Nearly 20 years ago, after speaking at a conference in beautiful Pebble Beach, Calif., I happened to catch the keynote by a little-known entrepreneur from Japan, Masayoshi Son. I was struck by Son's bold vision for his young company, a software distributor named Softbank.
Although Softbank - which had recently acquired the personal computer industry's biggest trade show (Comdex) and publishing company (Ziff-Davis) - was barely a blip on the industry's radar, Son had dreams of becoming a big player in the fast-growing tech sector.
Sure enough, those dreams became reality.
Today, Softbank is a telecommunications and internet giant with annual revenues of about $40 billion and Son is the second richest man in Japan, with a personal net worth of $7.7 billion. As an early investor in E-Trade, Yahoo and China's Alibaba Group, and a bold risk-taker who recently bought 70% of Sprint Nextel for $20 billion, you would never guess how Son grew up.
After his family emigrated from Korea, the young Masayoshi lived in an illegal shack in southwest Japan. His parents adopted a Japanese surname - Yasumoto - to hide their Korean heritage and avoid discrimination in the more or less ethnically homogenous country.
As a result, Son grew up with a giant chip on his shoulder and a compelling need to prove himself.
As a teenager, Son was obsessed with becoming a successful businessman and developed detailed plans to start his own business. Seeking advice, he became fixated on Den Fujita, an entrepreneur who brought the first McDonald's franchise to Japan and grew McDonald's Japan into a 3,800-restaurant chain.
After essentially stalking his idol, Fujita agreed to meet with the young man and encouraged him to go to America. That's exactly what the young man did.
Son soon moved to Berkeley where he became enthralled with the technology industry and got a degree in Economics. At 24, he returned to Japan to start Softbank and the rest is history, except for one interesting twist: Years later, Son actually managed to get his childhood hero, Fujita, to sit on Softbank's board of directors.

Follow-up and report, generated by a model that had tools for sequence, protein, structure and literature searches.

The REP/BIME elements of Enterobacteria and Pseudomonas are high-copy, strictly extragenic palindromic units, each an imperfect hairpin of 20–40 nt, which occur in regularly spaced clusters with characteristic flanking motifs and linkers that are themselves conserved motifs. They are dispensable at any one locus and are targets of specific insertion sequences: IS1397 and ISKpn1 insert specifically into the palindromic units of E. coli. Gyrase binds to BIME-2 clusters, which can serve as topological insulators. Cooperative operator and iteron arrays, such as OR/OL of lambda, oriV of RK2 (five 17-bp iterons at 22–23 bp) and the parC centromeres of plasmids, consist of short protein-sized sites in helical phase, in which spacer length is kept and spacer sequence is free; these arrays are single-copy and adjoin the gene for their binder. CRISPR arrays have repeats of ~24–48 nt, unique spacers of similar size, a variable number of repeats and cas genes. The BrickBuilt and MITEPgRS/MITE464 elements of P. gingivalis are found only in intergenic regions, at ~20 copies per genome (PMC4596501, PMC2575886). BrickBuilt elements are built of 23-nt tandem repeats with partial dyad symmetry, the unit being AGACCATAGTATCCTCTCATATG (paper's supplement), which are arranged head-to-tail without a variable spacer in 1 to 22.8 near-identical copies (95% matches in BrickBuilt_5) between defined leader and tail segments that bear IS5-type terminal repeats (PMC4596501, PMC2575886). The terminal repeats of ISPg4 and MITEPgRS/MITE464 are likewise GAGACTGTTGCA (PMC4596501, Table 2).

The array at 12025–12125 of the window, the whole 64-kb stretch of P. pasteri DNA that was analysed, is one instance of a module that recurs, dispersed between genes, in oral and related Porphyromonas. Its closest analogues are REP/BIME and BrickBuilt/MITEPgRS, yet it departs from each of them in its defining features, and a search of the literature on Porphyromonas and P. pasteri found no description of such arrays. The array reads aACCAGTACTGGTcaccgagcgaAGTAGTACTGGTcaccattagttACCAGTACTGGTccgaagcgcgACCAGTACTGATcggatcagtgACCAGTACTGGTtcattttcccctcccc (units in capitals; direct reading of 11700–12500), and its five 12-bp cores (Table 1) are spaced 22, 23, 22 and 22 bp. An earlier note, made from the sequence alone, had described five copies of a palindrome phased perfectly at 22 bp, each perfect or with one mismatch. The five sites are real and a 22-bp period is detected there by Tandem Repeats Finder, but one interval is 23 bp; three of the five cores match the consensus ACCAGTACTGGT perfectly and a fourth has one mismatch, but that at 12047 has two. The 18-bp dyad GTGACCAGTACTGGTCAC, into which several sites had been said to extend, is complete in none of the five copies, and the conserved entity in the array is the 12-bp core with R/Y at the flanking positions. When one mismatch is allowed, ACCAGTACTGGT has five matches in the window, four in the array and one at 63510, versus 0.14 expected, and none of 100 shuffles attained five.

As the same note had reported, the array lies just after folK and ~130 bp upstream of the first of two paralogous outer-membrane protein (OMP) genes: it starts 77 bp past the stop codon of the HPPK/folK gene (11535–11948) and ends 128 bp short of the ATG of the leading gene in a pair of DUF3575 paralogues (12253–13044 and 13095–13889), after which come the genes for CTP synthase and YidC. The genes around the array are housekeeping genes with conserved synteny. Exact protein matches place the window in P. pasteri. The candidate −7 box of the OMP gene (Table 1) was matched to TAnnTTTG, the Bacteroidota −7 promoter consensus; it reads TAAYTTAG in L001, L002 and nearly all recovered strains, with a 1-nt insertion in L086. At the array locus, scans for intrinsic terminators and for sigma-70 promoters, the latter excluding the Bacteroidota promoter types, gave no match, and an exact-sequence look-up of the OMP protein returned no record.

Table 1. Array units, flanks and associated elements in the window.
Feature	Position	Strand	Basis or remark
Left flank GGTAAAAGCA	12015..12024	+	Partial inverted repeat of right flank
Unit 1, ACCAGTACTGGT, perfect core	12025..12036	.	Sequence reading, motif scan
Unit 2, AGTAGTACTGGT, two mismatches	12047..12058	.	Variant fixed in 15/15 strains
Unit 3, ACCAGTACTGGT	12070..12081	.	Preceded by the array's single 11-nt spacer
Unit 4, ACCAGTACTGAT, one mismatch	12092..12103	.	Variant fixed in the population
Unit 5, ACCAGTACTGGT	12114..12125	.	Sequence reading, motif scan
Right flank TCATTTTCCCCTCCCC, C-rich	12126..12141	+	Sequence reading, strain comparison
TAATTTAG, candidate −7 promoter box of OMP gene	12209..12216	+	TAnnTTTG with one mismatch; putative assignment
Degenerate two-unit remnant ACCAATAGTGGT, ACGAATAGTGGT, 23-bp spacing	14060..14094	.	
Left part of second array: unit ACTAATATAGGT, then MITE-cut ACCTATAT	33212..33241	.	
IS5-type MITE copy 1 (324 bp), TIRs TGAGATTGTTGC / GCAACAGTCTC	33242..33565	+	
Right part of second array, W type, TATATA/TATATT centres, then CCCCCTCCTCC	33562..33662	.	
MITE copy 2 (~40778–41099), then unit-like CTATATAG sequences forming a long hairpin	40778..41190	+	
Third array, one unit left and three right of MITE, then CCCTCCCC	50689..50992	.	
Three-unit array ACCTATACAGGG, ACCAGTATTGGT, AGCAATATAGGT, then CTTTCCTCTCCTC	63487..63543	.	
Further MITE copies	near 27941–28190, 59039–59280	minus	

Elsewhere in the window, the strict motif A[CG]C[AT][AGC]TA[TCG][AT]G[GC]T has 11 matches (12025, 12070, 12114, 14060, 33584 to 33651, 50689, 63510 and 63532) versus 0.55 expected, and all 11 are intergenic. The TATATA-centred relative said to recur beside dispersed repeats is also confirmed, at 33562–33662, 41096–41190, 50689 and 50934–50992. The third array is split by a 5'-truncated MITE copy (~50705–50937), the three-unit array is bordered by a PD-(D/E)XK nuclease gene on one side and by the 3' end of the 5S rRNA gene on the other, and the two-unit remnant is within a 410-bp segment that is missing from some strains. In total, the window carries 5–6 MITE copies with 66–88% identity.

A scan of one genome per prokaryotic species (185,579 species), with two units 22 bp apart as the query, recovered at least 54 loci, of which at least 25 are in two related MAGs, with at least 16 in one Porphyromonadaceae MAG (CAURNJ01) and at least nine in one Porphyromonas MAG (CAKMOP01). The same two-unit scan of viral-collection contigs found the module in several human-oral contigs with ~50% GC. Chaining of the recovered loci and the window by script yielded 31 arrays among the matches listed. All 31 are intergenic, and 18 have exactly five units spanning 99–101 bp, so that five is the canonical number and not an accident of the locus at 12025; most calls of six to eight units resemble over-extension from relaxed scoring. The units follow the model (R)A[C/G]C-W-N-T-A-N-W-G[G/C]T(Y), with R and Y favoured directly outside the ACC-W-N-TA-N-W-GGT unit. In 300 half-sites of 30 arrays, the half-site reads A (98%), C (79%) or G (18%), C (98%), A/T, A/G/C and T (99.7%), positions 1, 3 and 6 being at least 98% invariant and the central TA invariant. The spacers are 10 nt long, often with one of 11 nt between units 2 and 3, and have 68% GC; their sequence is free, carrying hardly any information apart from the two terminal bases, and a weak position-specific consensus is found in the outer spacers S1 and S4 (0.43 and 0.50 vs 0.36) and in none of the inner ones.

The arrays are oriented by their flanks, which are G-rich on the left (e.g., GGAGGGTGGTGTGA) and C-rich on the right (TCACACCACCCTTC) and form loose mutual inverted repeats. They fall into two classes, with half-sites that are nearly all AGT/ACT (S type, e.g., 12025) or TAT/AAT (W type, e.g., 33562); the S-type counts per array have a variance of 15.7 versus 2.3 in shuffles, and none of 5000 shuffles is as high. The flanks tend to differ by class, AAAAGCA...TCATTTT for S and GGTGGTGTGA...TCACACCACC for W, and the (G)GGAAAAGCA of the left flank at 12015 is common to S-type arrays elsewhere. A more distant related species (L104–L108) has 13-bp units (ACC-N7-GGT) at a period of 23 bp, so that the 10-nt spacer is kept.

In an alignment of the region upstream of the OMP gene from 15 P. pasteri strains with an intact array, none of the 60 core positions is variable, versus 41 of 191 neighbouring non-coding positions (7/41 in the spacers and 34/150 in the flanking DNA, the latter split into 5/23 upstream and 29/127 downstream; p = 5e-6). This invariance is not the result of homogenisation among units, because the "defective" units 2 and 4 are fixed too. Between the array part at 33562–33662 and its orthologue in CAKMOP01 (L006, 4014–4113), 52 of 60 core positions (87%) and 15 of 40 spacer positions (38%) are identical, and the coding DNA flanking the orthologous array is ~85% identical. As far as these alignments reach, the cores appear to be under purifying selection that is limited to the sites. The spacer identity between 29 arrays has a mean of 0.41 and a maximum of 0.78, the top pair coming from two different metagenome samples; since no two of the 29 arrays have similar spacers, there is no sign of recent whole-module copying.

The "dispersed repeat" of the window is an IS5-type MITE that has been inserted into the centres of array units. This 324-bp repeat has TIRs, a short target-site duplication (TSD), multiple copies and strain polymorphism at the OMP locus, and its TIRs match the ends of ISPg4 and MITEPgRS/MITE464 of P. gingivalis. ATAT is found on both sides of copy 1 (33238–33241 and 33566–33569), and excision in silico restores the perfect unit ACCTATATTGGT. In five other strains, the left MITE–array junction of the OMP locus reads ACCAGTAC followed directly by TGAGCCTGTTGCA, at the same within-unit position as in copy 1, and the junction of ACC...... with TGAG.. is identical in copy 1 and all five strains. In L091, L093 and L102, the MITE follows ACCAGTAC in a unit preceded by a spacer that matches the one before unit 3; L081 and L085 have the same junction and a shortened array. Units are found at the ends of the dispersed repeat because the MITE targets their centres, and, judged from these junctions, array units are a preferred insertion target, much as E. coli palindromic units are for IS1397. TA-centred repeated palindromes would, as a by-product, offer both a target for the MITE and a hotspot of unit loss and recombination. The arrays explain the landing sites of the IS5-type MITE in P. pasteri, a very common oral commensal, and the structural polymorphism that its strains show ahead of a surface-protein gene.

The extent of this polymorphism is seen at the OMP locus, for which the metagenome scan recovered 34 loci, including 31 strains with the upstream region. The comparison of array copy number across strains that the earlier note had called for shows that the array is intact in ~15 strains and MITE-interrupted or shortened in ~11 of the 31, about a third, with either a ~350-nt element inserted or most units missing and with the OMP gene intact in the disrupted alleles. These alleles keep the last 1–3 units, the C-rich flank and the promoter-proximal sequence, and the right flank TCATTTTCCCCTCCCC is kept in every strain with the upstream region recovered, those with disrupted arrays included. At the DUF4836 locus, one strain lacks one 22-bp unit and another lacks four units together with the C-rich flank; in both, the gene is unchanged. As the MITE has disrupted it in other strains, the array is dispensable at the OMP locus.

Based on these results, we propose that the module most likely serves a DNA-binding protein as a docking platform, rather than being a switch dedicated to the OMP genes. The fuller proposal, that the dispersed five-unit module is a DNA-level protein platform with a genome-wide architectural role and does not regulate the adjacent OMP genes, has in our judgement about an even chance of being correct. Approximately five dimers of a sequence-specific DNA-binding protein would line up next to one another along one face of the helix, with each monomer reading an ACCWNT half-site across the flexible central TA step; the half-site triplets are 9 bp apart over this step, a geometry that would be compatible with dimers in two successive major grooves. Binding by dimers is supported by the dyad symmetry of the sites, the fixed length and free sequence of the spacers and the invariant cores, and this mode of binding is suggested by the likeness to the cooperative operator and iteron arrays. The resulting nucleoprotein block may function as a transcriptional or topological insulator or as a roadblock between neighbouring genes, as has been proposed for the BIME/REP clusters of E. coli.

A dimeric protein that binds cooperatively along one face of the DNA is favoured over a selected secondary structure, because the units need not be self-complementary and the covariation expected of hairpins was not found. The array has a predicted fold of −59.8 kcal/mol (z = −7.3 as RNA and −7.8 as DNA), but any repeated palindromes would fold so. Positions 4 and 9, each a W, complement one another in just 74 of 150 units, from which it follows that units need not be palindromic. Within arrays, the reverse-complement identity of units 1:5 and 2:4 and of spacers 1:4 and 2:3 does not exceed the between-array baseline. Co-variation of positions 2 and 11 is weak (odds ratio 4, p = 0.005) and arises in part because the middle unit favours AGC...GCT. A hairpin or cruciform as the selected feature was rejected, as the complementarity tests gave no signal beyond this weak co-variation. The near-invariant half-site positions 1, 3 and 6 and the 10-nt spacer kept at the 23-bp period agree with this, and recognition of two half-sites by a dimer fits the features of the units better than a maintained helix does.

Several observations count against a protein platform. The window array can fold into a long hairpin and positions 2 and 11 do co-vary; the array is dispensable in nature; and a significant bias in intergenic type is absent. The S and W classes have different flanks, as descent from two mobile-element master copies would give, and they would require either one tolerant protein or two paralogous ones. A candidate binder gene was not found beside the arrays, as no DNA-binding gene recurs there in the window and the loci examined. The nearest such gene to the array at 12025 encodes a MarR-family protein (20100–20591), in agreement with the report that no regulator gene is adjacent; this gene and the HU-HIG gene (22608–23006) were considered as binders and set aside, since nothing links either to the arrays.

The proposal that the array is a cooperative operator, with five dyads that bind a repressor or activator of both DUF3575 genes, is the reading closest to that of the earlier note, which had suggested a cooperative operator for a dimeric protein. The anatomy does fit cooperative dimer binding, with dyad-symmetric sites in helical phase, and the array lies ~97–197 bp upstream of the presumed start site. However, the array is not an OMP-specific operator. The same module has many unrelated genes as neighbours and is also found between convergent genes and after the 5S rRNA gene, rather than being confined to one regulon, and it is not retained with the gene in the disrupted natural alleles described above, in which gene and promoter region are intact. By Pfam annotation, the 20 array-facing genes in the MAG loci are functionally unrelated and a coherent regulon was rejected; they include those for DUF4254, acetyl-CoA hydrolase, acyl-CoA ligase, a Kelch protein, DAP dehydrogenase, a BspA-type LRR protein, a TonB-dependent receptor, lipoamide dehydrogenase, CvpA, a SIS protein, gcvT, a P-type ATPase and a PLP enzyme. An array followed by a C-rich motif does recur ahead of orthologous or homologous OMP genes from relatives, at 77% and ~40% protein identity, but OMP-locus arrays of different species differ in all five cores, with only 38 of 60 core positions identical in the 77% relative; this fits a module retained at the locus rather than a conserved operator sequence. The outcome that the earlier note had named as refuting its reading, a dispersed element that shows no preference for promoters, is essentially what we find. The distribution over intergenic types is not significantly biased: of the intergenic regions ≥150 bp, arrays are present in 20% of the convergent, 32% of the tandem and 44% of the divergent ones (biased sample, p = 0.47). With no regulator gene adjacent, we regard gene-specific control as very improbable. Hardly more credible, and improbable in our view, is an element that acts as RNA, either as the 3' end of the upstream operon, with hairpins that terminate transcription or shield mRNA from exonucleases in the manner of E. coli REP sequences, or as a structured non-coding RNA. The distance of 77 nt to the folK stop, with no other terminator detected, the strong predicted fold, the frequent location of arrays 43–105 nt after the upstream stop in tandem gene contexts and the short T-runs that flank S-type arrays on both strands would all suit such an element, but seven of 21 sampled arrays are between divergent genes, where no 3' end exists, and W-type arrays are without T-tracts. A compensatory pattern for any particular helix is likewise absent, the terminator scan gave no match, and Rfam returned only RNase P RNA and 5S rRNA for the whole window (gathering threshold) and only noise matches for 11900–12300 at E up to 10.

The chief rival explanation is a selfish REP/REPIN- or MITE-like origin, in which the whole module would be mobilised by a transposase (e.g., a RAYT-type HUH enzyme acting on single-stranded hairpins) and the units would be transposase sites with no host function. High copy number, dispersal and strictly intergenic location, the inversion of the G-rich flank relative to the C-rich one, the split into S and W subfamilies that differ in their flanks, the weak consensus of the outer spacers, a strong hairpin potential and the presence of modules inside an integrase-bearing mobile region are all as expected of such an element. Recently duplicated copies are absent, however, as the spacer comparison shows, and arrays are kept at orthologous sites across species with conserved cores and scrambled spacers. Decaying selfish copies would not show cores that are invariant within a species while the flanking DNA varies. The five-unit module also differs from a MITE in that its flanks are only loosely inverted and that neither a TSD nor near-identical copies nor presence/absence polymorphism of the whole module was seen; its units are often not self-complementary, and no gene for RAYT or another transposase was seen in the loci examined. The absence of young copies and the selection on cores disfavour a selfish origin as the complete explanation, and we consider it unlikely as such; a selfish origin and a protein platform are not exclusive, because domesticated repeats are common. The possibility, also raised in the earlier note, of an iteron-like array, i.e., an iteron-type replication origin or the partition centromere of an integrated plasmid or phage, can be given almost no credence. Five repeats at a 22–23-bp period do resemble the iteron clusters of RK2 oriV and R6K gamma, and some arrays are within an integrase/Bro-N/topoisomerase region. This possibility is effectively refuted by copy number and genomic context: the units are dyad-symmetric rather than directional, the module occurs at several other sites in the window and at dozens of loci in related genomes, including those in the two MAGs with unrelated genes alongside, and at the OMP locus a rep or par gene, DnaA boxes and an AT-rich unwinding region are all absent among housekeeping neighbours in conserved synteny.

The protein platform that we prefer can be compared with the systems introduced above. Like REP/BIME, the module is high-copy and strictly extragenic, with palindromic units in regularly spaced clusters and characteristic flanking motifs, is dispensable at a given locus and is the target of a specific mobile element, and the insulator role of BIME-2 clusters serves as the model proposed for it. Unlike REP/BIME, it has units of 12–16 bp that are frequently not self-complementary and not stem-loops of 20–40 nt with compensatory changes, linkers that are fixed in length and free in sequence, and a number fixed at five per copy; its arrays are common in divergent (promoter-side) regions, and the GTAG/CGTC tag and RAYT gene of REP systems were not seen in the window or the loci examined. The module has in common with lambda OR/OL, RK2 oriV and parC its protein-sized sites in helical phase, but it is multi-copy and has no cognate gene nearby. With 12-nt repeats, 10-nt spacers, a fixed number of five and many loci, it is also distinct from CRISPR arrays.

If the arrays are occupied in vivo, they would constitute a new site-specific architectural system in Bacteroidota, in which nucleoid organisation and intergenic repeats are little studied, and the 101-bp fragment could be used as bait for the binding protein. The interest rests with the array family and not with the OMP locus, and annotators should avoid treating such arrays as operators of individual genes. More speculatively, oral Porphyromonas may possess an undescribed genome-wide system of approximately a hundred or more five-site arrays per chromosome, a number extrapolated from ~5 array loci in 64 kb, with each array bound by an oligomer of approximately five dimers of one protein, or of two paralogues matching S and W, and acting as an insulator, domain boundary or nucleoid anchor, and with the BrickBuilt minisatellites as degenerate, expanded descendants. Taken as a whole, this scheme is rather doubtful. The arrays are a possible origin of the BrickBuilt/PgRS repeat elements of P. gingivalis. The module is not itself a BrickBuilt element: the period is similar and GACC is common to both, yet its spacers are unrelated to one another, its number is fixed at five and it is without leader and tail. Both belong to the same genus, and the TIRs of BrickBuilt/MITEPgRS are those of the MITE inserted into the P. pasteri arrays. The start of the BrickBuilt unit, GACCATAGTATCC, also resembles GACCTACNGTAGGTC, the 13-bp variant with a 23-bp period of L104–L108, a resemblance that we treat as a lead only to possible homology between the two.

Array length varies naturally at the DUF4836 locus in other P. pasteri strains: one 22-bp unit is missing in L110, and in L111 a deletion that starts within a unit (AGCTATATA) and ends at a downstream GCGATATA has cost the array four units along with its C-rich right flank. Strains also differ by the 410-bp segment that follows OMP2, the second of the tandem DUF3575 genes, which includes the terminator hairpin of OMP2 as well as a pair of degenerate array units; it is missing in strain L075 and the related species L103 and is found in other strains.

After all he's been through, you might expect Son to take a breather, but that's apparently not in his DNA. Today his goal is to make Softbank one of the top 10 companies in the world. I doubt if the smart money would bet against him. I know I wouldn't.
While Masayoshi Son's rags-to-riches story might seem incredible, it actually embodies several common themes we see time and again with successful entrepreneurs:
They come from humble beginnings. Steve Jobs grew up in an average, middle-class household. So did Oracle founder and CEO Larry Ellison. James L. Kraft, founder of Kraft Foods, began selling wholesale cheese door-to-door in 1903 Chicago. You can't get much more humble than that.
They're obsessed. Chef Bobby Flay was so passionate about food and cooking that he asked for an Easy-Bake Oven for Christmas at age 8. I've known dozens of software and hardware developers who've said that writing programs or designing chips is like an obsession with them. Many, if not most, successful entrepreneurs do tend to fixate on one industry or discipline.
They're men and women of action. While Son dreams big and plans meticulously, he has always been a man of action. His life, his career, and his company's history have all been characterized by one big event after another. Likewise, Bill Gates ultimately agreed to come up with an operating system for IBM's new personal computer even though he'd never written one before. So he bought one (QDOS) for $50,000 and made billions licensing it with every PC.
They're perfectionists who speak their minds. According to Atari founder Nolan Bushnell, on Steve Jobs' first day with the company, he walked into Bushnell's office and said, "I think you have a really awesome company. I think that everything is pretty good, but I've seen your soldering connections and they're really crappy." Bushnell replied, "Well, let's fix them." Jobs said, "I will." Jobs had no patience with imperfections or the status quo. That, in no small part, is what made him unique and successful.
They don't end up where they begin. Most founders and VCs will tell you, your first idea isn't usually the big one. 3M's founders began mining corundum to make grinding wheels. When the "corundum" turned out to be anorthosite, they tried using that to make sandpaper, but that didn't work either. That was around the turn of the century. I think they came up with Post-it notes about 75 years later, not to mention the hundreds of thousands of inventions and products in between.
If I had to roll all this up into one neat piece of advice for all you would-be entrepreneurs, it would be this: Whatever unique quirks make you what you are, embrace them. Put them to work for you, at least for now. We're all strange in our own way, and more often than not, that's what makes the difference.
This post originally appeared at Entrepreneur. Copyright 2014.
Steve Tobak is a management consultant, columnist, former senior executive and author of the upcoming book, “Real Leaders Don’t Follow: Being Extraordinary in the Age of the Entrepreneur." Contact Tobak. Follow him on Facebook, Twitter or LinkedIn.